NEWPORT — With 17 local firefighters back from fighting the Kincade Fire in Sonoma County, Calif., fire officials in Newport said providing fire assistance to Oregon’s neighbor to the south is set to be a regular occurrence in the coming years.
“A lot of it is some of the conditions that are down there,” said Newport Fire Chief Rob Murphy of California’s arid environment. “You’re seeing this is the effect of climate change. A just-retired Cal Fire chief said this is the new reality and that this is the new norm.”
This is the second year local firefighters on the Oregon coast responded to fires in California. They helped put out the devastating Camp Fire in Paradise, Calif., last year.
The Kincade Fire broke out in late October, prompting Cal Fire, the statewide firefighting service in California, to call for help from agencies in neighboring states. Almost every fire department in Lincoln County sent personnel and equipment — the Newport Fire Department sent five firefighters, Central Lincoln Fire & Rescue sent three, the Depoe Bay Rural Fire Protection District sent five, North Lincoln Fire & Rescue sent three and Yachats Rural Fire Protection District sent one. The firefighters from Lincoln County were known collectively as Strike Team #12 and were dispatched on Oct. 27 to the Sonoma County Fairgrounds in Santa Rosa, Calif., the base camp for firefighters assigned to the Kincade Fire.
While on duty, Strike Team #12 was assigned to protect the area surrounding the Safari West Wildlife Sanctuary, home to many species including cheetahs, sulphur-crested cockatoos, Fennec foxes, American flamingos, Masai giraffes, helmeted guinea fowl, striped hyenas, black-and-white Ruffed lemurs and Plains zebras, among dozens of other species from the various regions of the world.
“They had a bunch of animals, particularly from Africa there,” said Tom Jackson, strike team leader for local firefighters.
Strike Team #12 were only 17 of 5,000 firefighters assigned to the Kincade Fire, while 627 fire engines, 97 hand crews, 67 bulldozers, 27 helicopters and four fixed-wing air tankers were used to help contain the fire. More than 77,000 acres burned in that fire, and more than 180,000 people were evacuated from the area. Almost 400 buildings were destroyed and 60 were damaged, Jackson said. Around one million people had no electricity or access to power while the Kincade Fire raged, he added. The local team was finally released from duty on Nov. 2 and came home immediately after.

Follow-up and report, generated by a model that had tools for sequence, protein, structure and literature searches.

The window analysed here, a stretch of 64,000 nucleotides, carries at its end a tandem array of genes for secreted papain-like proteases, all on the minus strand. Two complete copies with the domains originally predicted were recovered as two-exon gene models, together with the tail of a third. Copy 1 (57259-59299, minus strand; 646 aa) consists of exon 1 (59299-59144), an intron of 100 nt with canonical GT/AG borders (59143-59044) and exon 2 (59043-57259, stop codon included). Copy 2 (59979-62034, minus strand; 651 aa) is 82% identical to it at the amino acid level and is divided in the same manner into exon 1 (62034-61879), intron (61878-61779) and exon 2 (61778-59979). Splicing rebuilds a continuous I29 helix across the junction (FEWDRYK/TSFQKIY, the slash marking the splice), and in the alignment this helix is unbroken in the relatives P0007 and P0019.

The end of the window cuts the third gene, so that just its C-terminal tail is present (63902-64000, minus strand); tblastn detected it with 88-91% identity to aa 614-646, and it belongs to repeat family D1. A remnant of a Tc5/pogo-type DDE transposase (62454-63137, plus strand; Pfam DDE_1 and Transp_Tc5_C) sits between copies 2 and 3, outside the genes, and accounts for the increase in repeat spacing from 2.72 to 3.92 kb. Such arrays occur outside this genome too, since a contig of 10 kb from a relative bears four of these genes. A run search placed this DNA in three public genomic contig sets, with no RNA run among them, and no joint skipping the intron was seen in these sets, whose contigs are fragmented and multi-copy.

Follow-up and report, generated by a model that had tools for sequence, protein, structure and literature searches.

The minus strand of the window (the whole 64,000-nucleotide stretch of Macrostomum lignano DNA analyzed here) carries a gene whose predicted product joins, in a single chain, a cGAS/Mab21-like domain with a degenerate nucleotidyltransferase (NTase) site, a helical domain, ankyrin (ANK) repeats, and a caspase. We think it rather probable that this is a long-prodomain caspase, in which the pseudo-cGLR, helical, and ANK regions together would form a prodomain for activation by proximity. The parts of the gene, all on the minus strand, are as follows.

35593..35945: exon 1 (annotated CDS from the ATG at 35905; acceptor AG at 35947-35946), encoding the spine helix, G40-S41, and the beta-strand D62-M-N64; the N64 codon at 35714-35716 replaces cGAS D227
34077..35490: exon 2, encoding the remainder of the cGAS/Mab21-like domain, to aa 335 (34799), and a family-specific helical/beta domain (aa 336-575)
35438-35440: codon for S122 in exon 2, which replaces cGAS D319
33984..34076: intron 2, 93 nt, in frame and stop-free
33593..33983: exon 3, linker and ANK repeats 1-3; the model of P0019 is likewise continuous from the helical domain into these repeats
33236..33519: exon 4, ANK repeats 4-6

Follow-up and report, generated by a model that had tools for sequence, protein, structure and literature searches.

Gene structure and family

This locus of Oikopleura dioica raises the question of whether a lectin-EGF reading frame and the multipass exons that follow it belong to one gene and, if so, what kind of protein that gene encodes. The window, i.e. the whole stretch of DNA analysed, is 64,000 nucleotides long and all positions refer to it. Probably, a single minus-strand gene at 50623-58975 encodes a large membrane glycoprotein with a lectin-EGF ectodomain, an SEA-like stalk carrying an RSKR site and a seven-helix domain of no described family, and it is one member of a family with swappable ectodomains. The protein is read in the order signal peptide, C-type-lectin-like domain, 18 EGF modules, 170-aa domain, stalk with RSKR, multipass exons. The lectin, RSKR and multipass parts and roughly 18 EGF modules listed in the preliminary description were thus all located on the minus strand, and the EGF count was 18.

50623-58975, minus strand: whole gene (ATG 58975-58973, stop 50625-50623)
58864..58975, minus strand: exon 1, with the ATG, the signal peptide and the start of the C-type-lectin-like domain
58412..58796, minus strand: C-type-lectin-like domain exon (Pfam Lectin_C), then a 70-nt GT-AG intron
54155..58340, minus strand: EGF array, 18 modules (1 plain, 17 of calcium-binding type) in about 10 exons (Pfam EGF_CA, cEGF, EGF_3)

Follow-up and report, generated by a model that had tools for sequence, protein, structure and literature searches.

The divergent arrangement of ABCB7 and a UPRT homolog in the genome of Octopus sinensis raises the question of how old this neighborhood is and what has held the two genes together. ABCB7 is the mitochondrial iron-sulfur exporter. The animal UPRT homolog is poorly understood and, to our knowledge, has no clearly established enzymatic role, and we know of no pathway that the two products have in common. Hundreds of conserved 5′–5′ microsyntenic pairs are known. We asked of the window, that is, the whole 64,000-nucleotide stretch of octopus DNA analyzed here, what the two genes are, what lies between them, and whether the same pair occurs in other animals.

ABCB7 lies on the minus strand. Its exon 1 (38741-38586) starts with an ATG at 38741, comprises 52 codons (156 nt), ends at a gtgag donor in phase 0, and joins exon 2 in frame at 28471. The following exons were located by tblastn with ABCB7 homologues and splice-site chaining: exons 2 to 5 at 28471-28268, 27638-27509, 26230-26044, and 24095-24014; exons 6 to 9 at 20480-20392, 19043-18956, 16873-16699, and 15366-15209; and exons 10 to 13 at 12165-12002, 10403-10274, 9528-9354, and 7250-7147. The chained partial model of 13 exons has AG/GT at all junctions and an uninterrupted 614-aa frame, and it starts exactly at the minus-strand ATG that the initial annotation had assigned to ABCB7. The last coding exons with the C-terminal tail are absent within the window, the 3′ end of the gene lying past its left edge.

“This shows the commitment Oregon made to surrounding states, particularly California, in sending resources when they call for it,” Jackson said. “For the second year in a row, we sent the most resources out of all the states that they requested from.”
Cal Fire reimburses firefighting agencies from other states when California requests assistance during major fires. In federally declared disaster zones like the Kincade Fire, Jackson said, the federal government picks up 75 percent of that tab.
“The State of California Office of Emergency Services puts the request to Oregon, and we submit paperwork to the Oregon Office of Emergency Management for reimbursement costs for personnel and apparatuses, and they send that to California Emergency Services, which reimburses Oregon, and we get a check back,” Murphy said on Monday. “It takes about six months to get reimbursed the money.”
The dry, arid conditions in California will make fire conditions down there worse, local fire officials said, and could perhaps work their way up to communities here in Oregon.
“Those of us in the fire realm have accepted that, and some of us have even seen the changes as they work their way up north into Lincoln County,” Murphy said.